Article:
The Japanese economy has had a unique history, with a huge bubble in the 1980s and a long unwinding afterward.
I don't see why that would result in a market that appears to have brief periods of growth. If anything, I'd expect their recent economic history to produce a market that goes straight down, rather than inconsistently hovering back up.
Apart from specifics of Japan, this confusion can be addressed via general principles of markets. No market can literally head "straight down" for an extended period, because if there were such a predictable pattern, intelligent traders would "front-run" by selling and shorting so much that the expected decline would happen "all at once".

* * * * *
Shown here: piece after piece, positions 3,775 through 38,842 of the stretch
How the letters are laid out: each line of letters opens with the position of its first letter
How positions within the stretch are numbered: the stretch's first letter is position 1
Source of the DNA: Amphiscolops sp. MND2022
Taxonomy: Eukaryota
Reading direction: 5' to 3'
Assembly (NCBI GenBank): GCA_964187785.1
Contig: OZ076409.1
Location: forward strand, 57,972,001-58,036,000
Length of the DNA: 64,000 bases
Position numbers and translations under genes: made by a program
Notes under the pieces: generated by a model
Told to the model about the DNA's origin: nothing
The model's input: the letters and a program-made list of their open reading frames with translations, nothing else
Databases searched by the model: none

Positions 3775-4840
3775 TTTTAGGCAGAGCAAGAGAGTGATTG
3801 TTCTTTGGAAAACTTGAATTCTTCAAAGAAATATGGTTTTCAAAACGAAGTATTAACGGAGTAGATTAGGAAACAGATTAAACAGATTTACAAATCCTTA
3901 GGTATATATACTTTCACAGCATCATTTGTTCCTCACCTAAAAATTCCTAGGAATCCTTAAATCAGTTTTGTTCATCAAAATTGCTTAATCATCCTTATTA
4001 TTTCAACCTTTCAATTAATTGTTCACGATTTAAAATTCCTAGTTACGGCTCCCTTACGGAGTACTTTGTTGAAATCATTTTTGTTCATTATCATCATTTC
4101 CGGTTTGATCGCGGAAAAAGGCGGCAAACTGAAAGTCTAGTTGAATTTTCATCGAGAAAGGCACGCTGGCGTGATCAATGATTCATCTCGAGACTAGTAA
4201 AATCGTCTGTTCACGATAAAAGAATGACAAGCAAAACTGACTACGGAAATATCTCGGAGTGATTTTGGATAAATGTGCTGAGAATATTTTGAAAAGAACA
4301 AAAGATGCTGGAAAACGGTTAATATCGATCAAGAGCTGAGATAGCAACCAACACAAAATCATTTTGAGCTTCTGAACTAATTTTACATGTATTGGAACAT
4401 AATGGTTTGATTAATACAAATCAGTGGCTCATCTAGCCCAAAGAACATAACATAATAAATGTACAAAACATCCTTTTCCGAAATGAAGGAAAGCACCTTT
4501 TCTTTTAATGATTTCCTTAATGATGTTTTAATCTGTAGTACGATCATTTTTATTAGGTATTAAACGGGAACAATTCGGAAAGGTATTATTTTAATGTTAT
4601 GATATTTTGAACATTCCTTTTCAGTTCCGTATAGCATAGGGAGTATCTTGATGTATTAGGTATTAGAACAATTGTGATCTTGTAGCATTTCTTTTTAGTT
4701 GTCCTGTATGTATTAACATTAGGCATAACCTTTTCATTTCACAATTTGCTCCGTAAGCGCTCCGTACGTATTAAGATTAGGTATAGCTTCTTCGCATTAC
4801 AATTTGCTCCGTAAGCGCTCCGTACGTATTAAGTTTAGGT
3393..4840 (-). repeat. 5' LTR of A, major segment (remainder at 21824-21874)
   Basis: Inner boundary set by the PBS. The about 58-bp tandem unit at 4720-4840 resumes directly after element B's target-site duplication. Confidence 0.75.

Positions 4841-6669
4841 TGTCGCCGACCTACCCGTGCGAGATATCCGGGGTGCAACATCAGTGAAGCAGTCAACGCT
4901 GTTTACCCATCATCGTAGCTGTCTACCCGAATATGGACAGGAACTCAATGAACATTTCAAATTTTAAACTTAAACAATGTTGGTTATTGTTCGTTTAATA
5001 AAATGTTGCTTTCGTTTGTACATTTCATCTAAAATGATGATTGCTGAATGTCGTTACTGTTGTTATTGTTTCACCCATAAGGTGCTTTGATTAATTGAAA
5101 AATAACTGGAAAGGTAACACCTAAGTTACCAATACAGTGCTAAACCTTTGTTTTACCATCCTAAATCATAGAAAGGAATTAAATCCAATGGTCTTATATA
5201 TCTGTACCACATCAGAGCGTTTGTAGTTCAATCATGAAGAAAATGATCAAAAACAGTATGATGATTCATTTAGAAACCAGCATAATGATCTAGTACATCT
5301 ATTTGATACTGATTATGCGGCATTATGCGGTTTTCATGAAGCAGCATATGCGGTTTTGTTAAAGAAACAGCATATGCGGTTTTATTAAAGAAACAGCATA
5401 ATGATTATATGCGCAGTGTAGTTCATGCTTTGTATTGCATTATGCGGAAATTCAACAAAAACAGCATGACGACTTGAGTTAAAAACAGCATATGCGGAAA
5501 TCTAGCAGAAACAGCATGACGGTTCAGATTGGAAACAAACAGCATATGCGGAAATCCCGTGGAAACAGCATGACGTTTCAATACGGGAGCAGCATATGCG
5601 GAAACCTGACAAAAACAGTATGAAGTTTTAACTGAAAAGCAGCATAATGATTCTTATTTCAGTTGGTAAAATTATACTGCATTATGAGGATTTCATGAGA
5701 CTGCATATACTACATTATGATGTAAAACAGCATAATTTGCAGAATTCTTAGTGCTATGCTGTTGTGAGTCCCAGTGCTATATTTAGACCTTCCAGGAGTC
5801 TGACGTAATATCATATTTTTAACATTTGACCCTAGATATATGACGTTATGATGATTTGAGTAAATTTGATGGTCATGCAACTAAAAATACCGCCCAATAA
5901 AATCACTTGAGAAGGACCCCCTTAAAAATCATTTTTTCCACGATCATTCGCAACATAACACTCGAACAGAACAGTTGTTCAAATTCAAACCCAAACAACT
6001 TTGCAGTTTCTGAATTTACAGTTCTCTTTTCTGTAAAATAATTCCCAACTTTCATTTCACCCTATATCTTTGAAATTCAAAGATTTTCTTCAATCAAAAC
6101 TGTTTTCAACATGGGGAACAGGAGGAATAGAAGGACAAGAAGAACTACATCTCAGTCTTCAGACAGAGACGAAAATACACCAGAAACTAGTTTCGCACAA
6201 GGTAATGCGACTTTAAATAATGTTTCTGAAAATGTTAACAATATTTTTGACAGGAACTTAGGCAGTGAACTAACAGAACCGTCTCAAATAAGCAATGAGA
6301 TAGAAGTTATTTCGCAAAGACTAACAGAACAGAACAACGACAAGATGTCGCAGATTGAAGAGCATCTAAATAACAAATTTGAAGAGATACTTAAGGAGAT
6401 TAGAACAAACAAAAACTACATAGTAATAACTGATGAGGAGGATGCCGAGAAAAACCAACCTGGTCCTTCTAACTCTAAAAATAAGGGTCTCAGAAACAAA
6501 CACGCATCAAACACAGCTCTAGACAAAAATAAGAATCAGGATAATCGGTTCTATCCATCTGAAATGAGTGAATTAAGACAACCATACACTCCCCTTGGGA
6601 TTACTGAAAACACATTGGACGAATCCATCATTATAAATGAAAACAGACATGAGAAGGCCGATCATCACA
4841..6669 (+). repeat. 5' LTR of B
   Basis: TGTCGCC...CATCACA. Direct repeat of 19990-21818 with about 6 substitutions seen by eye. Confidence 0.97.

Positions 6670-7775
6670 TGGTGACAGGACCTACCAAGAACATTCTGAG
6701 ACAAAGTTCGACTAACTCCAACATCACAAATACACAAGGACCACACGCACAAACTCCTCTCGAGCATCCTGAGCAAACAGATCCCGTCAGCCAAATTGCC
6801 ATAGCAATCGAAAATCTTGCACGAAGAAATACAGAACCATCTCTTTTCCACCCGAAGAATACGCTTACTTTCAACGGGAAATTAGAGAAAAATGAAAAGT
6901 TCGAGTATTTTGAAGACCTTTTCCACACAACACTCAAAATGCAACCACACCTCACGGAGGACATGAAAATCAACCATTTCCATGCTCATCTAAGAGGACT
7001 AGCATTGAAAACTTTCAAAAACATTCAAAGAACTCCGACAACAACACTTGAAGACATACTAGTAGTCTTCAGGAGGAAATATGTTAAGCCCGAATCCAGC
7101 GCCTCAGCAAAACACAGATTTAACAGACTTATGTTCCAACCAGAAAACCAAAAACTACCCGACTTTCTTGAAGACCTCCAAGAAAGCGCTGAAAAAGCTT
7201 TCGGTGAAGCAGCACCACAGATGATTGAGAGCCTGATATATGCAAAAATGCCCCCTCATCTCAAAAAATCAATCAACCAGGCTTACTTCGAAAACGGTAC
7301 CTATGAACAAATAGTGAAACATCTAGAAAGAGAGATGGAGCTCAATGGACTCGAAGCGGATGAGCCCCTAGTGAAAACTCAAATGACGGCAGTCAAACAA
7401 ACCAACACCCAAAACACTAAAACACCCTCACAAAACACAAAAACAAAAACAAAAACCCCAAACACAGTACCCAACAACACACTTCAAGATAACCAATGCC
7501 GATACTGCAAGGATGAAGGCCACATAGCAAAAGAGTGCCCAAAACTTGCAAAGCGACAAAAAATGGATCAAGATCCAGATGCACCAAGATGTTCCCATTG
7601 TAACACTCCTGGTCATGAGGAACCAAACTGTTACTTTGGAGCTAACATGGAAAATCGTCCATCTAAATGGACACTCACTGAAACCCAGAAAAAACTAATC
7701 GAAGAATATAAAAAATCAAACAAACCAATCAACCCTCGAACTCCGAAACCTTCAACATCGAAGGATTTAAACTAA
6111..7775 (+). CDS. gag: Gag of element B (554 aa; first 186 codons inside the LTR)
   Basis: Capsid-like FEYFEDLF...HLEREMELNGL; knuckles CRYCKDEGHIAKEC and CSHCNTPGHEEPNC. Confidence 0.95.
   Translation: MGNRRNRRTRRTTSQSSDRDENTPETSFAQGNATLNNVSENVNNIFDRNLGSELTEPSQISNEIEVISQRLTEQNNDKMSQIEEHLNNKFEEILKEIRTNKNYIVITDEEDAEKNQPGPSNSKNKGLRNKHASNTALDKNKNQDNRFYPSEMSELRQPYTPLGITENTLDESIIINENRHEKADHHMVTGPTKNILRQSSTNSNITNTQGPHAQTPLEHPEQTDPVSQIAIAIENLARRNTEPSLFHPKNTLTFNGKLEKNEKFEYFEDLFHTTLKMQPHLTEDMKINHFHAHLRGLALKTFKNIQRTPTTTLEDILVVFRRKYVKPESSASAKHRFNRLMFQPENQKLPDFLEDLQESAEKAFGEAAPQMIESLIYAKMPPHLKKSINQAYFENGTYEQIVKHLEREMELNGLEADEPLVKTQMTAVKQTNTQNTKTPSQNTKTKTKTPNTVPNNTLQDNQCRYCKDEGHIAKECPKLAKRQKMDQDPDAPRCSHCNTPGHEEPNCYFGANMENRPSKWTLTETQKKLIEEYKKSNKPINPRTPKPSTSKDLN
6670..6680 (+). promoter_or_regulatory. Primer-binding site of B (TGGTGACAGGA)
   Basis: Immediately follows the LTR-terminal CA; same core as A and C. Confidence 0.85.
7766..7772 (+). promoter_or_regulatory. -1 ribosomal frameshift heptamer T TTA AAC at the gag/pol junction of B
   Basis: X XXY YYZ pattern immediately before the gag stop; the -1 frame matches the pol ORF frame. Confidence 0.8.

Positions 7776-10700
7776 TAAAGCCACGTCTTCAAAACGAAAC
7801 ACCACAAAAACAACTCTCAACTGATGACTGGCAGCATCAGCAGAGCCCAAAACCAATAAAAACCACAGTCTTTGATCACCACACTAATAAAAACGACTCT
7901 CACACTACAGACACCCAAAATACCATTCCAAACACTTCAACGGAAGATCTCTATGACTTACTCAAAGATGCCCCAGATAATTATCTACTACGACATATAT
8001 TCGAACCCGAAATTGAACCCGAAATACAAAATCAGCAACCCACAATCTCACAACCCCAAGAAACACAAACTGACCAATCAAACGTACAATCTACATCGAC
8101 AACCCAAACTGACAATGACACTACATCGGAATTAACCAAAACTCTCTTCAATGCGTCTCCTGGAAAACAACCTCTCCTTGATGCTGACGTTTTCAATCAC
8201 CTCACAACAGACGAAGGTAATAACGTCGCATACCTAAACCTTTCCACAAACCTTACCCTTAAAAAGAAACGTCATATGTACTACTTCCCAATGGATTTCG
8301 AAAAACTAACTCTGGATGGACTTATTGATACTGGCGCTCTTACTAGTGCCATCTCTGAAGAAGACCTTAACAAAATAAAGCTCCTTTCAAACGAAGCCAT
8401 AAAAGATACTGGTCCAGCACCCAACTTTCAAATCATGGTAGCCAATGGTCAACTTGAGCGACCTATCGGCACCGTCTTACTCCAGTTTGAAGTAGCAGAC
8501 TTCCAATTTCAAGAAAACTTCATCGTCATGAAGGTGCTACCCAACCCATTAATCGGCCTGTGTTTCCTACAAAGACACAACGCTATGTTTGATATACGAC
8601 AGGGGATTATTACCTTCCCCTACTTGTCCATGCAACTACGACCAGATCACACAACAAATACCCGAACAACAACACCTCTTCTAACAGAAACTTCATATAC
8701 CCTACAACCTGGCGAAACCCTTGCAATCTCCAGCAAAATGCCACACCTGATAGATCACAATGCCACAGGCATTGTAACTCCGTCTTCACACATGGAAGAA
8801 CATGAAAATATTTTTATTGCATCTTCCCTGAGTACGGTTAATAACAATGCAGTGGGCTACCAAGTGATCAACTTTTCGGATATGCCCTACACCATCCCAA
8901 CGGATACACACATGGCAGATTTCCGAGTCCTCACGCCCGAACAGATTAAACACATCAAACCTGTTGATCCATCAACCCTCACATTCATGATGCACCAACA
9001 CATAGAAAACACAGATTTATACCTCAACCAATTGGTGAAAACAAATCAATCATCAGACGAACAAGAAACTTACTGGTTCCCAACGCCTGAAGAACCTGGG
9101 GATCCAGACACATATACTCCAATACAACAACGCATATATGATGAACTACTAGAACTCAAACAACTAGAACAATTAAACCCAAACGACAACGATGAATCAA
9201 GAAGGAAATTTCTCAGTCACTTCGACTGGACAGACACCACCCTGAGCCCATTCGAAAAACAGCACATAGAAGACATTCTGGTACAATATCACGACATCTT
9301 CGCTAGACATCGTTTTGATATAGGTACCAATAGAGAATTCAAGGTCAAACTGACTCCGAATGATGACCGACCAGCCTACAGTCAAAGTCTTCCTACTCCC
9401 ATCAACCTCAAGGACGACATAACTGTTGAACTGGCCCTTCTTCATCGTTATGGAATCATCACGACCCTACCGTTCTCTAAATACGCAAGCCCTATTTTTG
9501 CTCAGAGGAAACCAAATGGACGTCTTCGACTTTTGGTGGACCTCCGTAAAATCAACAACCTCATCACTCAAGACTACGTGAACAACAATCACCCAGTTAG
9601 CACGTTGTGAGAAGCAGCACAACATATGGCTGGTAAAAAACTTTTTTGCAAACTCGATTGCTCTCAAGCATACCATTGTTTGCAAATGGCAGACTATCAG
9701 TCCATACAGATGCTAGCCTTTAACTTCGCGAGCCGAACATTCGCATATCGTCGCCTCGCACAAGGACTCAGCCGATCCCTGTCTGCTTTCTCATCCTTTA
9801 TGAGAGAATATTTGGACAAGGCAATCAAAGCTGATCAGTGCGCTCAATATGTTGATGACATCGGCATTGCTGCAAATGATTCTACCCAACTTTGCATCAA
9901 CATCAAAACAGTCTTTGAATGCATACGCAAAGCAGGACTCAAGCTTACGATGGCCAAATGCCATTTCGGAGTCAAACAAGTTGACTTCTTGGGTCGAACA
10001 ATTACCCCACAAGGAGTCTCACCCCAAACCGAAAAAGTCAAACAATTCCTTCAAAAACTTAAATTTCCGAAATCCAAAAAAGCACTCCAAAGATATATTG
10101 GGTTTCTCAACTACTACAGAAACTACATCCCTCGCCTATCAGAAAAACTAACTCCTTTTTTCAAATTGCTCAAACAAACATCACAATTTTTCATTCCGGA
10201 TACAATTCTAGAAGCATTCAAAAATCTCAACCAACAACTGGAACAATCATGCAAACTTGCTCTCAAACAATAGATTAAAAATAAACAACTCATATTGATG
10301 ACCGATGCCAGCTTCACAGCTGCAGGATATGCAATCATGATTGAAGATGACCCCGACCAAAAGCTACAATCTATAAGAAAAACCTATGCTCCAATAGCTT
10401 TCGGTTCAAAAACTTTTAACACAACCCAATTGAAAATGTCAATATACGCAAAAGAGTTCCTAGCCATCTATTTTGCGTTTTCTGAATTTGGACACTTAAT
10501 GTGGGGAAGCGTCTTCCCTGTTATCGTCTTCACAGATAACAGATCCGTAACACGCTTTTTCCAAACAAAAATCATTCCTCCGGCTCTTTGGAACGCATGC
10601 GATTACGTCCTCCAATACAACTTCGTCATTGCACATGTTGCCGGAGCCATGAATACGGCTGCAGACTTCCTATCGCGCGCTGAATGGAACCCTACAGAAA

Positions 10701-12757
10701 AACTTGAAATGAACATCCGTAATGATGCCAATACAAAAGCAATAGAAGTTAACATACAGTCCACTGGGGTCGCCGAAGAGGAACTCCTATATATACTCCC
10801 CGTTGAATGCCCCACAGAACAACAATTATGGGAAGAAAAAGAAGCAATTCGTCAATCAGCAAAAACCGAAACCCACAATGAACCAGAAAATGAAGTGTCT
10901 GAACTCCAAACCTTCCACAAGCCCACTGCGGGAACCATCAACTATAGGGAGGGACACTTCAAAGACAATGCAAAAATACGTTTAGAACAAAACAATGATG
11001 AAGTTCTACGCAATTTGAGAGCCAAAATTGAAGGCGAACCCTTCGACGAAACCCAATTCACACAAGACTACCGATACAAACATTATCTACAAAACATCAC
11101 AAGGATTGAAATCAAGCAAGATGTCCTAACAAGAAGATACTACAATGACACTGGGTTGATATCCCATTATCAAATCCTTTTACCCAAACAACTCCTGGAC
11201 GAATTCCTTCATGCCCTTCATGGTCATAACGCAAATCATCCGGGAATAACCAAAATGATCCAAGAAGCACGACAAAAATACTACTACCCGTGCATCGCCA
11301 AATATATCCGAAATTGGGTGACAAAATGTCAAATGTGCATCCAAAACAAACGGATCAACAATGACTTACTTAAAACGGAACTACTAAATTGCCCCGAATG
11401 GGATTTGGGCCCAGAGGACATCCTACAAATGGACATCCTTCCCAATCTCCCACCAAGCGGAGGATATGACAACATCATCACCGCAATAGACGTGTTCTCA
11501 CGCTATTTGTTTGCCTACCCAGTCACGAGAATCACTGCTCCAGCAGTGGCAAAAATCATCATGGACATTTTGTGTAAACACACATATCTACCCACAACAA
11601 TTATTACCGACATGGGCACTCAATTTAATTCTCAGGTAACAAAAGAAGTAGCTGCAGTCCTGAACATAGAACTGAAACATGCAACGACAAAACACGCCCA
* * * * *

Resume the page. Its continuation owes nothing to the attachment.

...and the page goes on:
According to the efficient market hypothesis, the market discounts all available information and its movements are driven only by new information (the deviation from previous expectations). The market is inherently two-sided; at any given time, there are reasonable bets for it to go up as well as down, or it would not be at the price it is.
Once a piece of bad news becomes known, the corresponding market decline is immediate rather than gradual. At that point, the projections are "baked in", and any subsequent updates that raise a bit of hope ("slightly less bad") will cause a market rally. Market movements always look something like a random walk (Brownian motion) because prices would not be equilibrium if they did not have the potential to go up as well as down.
In the case of Japan, you see many rallies and declines over the years as recovery hopes waxed and waned. Overall, the trend continued down as economic projections met with disappointment more often than not.